Important Tax Considerations When Inheriting a House
While inheriting a home can bring with it many benefits, it also raises a number of important questions and points for careful consideration. One such question is this: what is the tax situation when you inherit a house? If you have recently inherited a piece of residential property, or soon will be, here is some vital information that will help you decide how to move forward.
Many of those that inherit houses find themselves asking whether they will end up owing taxes on them. At this point in time, there is no inheritance tax that one would owe on the federal level. As states are able to set up their own taxation policies, it is possible that you would have to pay a certain amount in inheritance tax to the state directly. To find out what the specific regulations are in the state where the property is located, it is a good idea to speak with your tax advisor or financial planner. Generally speaking though, there is unlikely to be any up-front taxes that you’d have to pay right after inheriting the property.
When you inherit a house, a fundamental decision to make is whether to keep it (either living in it directly, or renting it out), or put it on the market. Your tax situation for the property will depend on what you ultimately decide to do. Regardless of which path you choose, it is important to understand the concept of fair market value. Whenever a house is passed onto someone through inheritance, the IRS will make a determination on what a reasonable baseline is for its worth. This value will come into play if and when you decide to sell the home.
When You Inherit a Home, What You Do Determines What You’ll Owe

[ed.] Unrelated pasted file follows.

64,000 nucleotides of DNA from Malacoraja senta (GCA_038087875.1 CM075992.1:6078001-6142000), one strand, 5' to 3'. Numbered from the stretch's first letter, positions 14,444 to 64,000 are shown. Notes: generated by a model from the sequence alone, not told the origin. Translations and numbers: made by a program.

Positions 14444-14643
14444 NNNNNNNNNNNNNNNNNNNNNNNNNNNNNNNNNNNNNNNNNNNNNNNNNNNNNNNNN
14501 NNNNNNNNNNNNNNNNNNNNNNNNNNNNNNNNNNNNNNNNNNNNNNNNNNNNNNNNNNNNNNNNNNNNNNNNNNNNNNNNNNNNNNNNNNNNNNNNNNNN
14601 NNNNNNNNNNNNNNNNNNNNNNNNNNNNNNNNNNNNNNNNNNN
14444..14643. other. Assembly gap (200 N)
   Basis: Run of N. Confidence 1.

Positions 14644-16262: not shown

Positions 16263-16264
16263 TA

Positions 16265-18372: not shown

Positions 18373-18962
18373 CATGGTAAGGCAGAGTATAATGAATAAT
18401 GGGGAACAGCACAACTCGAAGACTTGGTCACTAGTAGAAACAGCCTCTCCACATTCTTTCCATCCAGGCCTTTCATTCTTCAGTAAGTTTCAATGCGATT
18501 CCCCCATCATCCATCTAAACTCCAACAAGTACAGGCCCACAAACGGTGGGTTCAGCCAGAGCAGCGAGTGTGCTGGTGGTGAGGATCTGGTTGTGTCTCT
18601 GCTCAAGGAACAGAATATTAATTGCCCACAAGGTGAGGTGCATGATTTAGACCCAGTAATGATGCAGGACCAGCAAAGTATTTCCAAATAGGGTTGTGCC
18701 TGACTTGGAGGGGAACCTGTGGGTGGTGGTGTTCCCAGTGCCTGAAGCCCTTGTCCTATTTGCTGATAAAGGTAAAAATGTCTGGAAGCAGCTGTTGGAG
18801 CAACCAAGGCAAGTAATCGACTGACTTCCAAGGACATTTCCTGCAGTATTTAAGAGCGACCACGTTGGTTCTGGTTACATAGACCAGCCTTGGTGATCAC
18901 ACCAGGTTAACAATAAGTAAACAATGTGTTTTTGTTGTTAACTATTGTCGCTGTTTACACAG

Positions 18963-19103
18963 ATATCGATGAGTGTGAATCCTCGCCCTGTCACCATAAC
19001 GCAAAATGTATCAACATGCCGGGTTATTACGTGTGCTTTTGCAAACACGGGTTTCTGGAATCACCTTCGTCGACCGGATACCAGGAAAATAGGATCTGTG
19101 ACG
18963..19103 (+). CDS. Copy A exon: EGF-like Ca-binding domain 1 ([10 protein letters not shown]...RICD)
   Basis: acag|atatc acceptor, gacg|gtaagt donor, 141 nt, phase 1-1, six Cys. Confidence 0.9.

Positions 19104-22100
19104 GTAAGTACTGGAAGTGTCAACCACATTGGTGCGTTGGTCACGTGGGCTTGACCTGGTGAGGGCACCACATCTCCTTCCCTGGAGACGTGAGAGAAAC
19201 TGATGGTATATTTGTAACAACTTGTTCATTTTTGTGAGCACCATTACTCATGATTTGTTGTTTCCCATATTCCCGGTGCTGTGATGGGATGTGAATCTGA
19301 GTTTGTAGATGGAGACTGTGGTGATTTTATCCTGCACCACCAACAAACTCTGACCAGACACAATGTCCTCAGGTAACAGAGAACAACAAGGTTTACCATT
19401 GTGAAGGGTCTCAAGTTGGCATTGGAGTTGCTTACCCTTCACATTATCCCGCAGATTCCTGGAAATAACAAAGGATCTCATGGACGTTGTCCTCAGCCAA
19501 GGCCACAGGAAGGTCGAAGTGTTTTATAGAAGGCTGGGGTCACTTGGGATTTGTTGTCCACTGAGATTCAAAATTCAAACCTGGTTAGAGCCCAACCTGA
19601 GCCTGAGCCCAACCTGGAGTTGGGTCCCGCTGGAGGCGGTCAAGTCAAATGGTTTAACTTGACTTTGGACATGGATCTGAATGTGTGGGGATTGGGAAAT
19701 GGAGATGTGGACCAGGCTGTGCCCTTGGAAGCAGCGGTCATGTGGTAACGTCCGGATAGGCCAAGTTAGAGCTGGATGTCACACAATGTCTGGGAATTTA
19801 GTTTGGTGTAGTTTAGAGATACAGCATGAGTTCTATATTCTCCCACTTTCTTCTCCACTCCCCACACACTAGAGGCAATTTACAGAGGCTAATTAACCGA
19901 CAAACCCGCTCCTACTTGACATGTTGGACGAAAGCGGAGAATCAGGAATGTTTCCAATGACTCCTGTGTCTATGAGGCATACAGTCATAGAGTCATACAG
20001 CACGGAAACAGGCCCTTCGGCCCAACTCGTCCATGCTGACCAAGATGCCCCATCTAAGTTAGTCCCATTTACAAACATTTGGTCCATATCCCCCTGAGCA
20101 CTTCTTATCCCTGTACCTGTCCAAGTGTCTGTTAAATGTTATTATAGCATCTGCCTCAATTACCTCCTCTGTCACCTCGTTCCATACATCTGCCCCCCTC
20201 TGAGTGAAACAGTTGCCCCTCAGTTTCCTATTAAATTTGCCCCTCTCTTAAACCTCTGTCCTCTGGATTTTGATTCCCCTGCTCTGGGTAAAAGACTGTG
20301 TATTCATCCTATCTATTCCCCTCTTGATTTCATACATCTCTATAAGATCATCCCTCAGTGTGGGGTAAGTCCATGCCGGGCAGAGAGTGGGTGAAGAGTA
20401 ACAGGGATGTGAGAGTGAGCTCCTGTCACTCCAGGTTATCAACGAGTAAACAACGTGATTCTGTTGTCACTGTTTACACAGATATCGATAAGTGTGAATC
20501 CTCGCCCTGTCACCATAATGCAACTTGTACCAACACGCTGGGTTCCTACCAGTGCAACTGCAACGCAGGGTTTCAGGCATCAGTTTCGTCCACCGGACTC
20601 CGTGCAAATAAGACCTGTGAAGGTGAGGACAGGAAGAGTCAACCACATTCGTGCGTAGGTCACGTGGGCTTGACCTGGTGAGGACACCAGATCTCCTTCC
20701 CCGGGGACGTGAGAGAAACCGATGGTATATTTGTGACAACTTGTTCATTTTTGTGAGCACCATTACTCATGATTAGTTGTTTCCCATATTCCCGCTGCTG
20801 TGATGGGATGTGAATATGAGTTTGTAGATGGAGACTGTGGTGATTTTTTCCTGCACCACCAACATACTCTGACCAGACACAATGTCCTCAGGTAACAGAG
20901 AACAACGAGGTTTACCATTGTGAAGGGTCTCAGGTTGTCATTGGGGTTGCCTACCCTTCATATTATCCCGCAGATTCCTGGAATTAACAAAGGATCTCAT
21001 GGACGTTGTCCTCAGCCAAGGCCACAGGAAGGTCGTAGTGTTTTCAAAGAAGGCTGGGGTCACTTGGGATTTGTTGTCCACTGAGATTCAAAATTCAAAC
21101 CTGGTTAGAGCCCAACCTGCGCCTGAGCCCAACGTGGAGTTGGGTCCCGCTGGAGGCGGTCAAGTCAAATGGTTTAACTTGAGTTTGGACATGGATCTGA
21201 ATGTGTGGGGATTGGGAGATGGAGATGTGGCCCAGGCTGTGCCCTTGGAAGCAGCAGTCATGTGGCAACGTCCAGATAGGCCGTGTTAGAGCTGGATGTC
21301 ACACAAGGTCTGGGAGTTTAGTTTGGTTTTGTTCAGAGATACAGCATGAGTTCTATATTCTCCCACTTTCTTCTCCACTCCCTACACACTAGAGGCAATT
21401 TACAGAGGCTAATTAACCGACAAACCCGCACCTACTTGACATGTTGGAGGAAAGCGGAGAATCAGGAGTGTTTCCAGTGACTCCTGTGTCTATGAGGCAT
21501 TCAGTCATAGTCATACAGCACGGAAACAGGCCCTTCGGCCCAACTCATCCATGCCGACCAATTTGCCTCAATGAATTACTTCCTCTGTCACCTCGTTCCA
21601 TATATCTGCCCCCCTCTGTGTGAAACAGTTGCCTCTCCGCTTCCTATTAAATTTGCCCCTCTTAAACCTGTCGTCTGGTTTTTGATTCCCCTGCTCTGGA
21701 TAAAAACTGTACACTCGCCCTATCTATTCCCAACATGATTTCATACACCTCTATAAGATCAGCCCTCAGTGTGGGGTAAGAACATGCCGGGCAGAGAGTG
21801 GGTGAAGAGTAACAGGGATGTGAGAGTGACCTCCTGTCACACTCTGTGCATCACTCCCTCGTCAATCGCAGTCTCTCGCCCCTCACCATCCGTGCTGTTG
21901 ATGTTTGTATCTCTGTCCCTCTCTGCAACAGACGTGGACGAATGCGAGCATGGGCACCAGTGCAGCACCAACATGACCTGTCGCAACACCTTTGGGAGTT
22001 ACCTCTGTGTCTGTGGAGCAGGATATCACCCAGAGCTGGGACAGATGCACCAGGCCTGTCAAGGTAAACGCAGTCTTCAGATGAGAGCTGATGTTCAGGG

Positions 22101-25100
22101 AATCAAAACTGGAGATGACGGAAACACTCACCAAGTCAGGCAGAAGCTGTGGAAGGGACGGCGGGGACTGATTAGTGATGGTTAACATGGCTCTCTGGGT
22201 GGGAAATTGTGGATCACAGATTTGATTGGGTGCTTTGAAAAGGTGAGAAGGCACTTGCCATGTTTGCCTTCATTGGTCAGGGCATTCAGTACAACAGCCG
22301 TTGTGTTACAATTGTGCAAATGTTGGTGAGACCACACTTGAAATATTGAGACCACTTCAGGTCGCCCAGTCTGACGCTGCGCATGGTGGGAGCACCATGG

If you decide to maintain ownership of the house and move into it, you will be responsible for paying real estate taxes, which are also commonly known as real property taxes. The taxation rates vary state by state, with some coming in at less than 0.5%, others at 2% or more, and a majority in between. When figuring out if it makes sense to keep the home, you’ll certainly want to take this tax into consideration. One potential tax-related benefit of keeping the inherited home is the capital gains exclusion. Profits (anything over the fair market value discussed earlier) from selling the house are subject to capital gains taxation. However, if you meet the IRS’s residency stipulations, you could be able to exclude part of that profit from being taxed.
Renting out inherited property comes with its own set of tax guidelines. On the positive side, those with rental properties are able to benefit from a number of tax deductions. Also, any revenue that you would take in from having the rental is fortunately subjected to a lower rate of taxation than more traditional income. The downside to using the inherited house as a rental rather than living there yourself is that you will be unable to take advantage of the capital gains exclusion if you decide to sell it down the road.
Choosing to sell the house means that you’ll have to deal with capital gains tax on any profit you make over the established fair market value. This burden can be lessened if you live in the home for the requisite amount of time prior to selling it and end up qualifying for the capital gains exclusion.
Swift Homes Will Help You Sell Your Inherited House
If you ultimately decide to sell the home you inherit, Swift Homes is here to help. Our company provides top cash offers for single-family houses across the United States. The Swift Homes process is quick and easy from beginning to end, and we are able to finalize some transactions in as few as 10 days. When you choose to work with us, you won’t need to put in a lot of time and money for home repairs as we facilitate the sale of properties in as-is condition. Get your no-obligation cash offer now, or give us a call at (877) 861-2466.